Study: Being Depressed Can Make You More Creative

For years, artists and entrepreneurs have accepted the notion that sadness breeds creativity. The idea is as old as time, as thousands of the world’s most creative minds often suffer from personal tragedy and unmitigated melancholy. From Ernest Hemingway to Robin Williams to Roy Raymond, successful artists and entrepreneurs are infamously tortured by the world they lived in, despite their ability to create some of the most revered works of creative thought humankind has ever seen. But there has been little to no research or data to back this claim up. Until now.

A new study out of the University of Southern Denmark has found an interesting, albeit ancient, connection between depression and creativity. After studying 1,400 letters written by three famous music composers in the 18th century, researchers were able to determine that Mozart, Beethoven, and Liszt were considerably depressed during production of their most influential and revered works.

“Creativity, measured by the number of important compositions, is causally attributable to negative moods, in particular to sadness,” writes Karol Jan Borowiecki, an economist and author of the study.

The analysis of the letters was as thorough as it was eye-opening. By using linguistic analysis software, he was able to scan the letters in question for positive and negative emotional indicators. The software was able to calculate when each composer was experiencing joy, sadness, grief, hurt, excitement and any other pertinent emotions that would be considered important for establishing periods of depression. After comparing that data with the compositions written in those time periods, it was difficult to argue the underlying hypothesis: being sad makes you creative.

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Not only does the data confirm the vague assumption that creativity is bred through melancholy, it even provides a thorough explanation of how sad they had to be in order to produce more compositions. Through the use of econometrics, Borowiecki was able to determine that, for example, a 9.3 percent increase in sadness would lead to a 6.3 percent increase in compositions completed in the next year.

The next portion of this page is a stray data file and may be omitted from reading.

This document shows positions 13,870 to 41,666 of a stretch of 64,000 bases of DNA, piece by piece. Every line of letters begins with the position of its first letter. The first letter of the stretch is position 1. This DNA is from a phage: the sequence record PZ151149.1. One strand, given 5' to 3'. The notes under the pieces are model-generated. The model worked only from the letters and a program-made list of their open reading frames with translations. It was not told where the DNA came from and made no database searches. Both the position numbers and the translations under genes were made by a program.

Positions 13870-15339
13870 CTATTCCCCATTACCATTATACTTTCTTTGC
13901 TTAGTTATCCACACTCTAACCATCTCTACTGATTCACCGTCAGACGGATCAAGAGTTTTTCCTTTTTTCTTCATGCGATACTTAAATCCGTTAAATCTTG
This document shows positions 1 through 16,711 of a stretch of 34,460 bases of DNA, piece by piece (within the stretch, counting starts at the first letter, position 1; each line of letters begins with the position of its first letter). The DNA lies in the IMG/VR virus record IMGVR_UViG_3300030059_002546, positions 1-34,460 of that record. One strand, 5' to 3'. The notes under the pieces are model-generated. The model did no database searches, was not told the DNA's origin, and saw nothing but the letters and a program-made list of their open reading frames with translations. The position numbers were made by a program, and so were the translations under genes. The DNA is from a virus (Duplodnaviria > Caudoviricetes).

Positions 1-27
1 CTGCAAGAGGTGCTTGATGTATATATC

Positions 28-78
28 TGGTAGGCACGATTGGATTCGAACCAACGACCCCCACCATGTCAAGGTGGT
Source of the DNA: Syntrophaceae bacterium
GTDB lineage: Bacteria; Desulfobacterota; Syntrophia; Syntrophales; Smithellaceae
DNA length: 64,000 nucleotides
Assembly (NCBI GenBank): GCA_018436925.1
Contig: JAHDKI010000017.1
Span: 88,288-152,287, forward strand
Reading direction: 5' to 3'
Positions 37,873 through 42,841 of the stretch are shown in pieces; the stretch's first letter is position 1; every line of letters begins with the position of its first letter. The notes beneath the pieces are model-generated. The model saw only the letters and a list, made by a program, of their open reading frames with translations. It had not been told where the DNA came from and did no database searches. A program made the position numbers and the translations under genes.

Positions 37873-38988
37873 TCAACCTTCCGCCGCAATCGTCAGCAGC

While this research is considerably definitive and unimaginably thorough, the sample group is a little too small to guarantee that sadness will make you creative. Obviously, these composers rank amongst the best creative minds in the history of the world. And while depression exacerbated their genius, the mental health of these composers hinged on their ability to create. And while we all want to end up at the top of our fields, that methodology is neither sustainable nor advised for budding entrepreneurs or a stand-up comedians trying to make it big in Chicago. Because being happy is pretty great.

H / T World Economic Forum 

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Conor is the Lead Writer for For the last six years, he’s covered everything from tech news and product reviews to digital marketing trends and business tech innovations. He's written guest posts for the likes of Forbes, Chase, WeWork, and many others, covering tech trends, business resources, and everything in between. He's also participated in events for SXSW, Tech in Motion, and General Assembly, to name a few. He also cannot pronounce the word "colloquially" correctly. You can email Conor at
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